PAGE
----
Director Dick Lowry
Screenwriters Roderick Taylor, Jeb Rosebrook
Music Larry Cansler
Genre Western/ Sequel TV Movie
Running Time 240 min
Cinematography Robert M. Baldwin
Kenny Rogers Brady Hawkes
Bruce Boxleitner Billy Montana
Linda Gray Mary Collins
Marc Alaimo Pvt. Bob Butler
Jeff Allin Homesteader
Michael Berrynan Cpl. Catlett
Melanie Chartoff Deborah
Charles Durning Sen. Henry Colton
Terrence Evans Lucas
Matt Clark Sgt. Grinder
Richard Chaves Iron Dog
Jeffrey Alan Chandler Plow Salesman
Jeffrey Jones Buffalo Bill
George Kennedy Gen. Nelson Miles
Brady Hawkes and Billy Montana feature again as the main protagonists, but on this occasion they are fighting for a more noble cause. Treaties between whites and Sioux Indians are broken on multiple occasions by land-greedy white colonialists.
An act of conspiracy among unscrupulous Army cavalry officers that steal cattle and shifting the blame on renegade Sioux Indians is on the verge. The emerging tensions between the two parties leads to vicious encounters.
Brady Hawkes and Billy Montana work together to protect the Sioux nation from illegitimate government attempts to take their land from them. The task is even bigger as they face off the cattle rustlers collaborating with the government to cripple the Sioux’s economic welfare.
The duo also expose deceit within the government but this lands them in a more menacing position. The two battle their way out and provide a solution to the injustices the Sioux’s Indians were facing.
This third installment in the popular “GAMBLER” series is filmed in the Dakota Territory associated with the ferocious “West” and the ugly tussle between good and evil. Writers (Roderick Taylor, Jeb Rosebrook) with the direction of (Dick Lowry) display their brilliance by coming up with a two-part film concurrent with the Dakota Regime which was ruling at the time.
Brady Hawkes and Billy Montana may be up against their toughest challenge yet as their manoeuver proceeds in this action filled experience. The two decide to come to the aid of the mistreated Sioux Indians. They are helped by a cast of popular names, including Linda Gray, Charles Durning, George Kennedy, and Jeffrey Jones. Some of the actors back out of the quest for freedom, but Brady Hawkes and Billy Montana hold up till the end.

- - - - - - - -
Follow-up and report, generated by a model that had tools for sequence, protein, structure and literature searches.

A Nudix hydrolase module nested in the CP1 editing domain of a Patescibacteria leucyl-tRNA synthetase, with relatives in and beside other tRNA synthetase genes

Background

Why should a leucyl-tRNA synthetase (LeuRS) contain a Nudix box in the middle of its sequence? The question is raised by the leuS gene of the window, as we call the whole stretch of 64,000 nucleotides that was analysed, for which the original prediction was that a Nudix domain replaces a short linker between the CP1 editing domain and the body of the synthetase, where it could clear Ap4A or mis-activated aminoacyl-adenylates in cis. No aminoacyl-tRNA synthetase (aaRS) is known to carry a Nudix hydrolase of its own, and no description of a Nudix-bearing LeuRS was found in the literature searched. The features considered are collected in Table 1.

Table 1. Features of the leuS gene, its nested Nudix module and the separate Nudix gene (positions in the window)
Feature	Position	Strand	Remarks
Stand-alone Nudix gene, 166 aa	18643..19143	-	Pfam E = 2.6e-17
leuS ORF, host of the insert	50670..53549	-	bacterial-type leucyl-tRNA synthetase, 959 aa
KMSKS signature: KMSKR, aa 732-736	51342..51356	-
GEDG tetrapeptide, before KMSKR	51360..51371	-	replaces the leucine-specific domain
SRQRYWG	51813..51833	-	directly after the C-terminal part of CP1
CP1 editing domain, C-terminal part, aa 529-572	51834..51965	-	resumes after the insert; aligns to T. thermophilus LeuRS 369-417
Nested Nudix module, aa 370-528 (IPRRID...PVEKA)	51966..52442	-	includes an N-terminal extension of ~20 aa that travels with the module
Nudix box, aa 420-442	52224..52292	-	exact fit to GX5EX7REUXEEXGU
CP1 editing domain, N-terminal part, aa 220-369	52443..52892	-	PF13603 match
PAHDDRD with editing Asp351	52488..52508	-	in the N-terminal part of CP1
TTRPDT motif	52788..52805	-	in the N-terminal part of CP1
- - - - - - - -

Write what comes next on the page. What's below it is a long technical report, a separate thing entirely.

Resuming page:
Being a total deviation from the usual line of the movie sequel, this film is a much improved version of the first two in terms of production values, illustrated by vivid lighting and an authentic typical West environment. The film shuns away from the over presentation of Western storylines in favor of a masterful principled critique of the harsh treatment of Native Americans by the acquisitive whites.
The ‘80s were a miserable time for Western fans as they were characterized by an imitation of an urban cowboy trend and cattle rustling. The film is undeniably a better presentation of a regretful chapter in the history of the Western genre.
The producer uses two gambling allies of a cowboy origin as the protagonists against a government oriented mistreatment towards the locals. This presents the producers’ ability to echo the positive side of a cowboy in an era whereby some good deeds were overshadowed by the negative trends associated with them.
From cattle rustling to corruption within the government, civil rights, gambling, lynching, cardsharps, friendship, and stampedes, this film is sure to give you a lesson that you will not regret your time. Additionally, historical and invented characters illustrated by Bob Baldwin featuring in the scenes is so appealing to any fan of Westerns.
I would say my 3 hours were well worth it when I first watched this 1987 film. It’s just one of the best continuation stories, an upgrade from the previous editions. The fil just takes you from the word go and you won’t even notice how time just passed. Kenny and Billy are very charismatic in this one. The lay low and completely impart the emotions of heroes.
However, some people find the runtime to be too long and tedious, especially for impatient viewers. There are also some acts of extreme violence that would pose a mental and emotional disturbance to young viewers, particularly those below 14. Therefore, you got to know when or who you’ll want to watch with. For the right audience, you will find things very lively and intriguing.
Overall, our voters gave a 5.8 out of 10. I would have given a bit more given how the script has a totally different storyline from the previous editions that focused mainly on gambling. Let us know your rating after watching this Western, Sequel TV movie.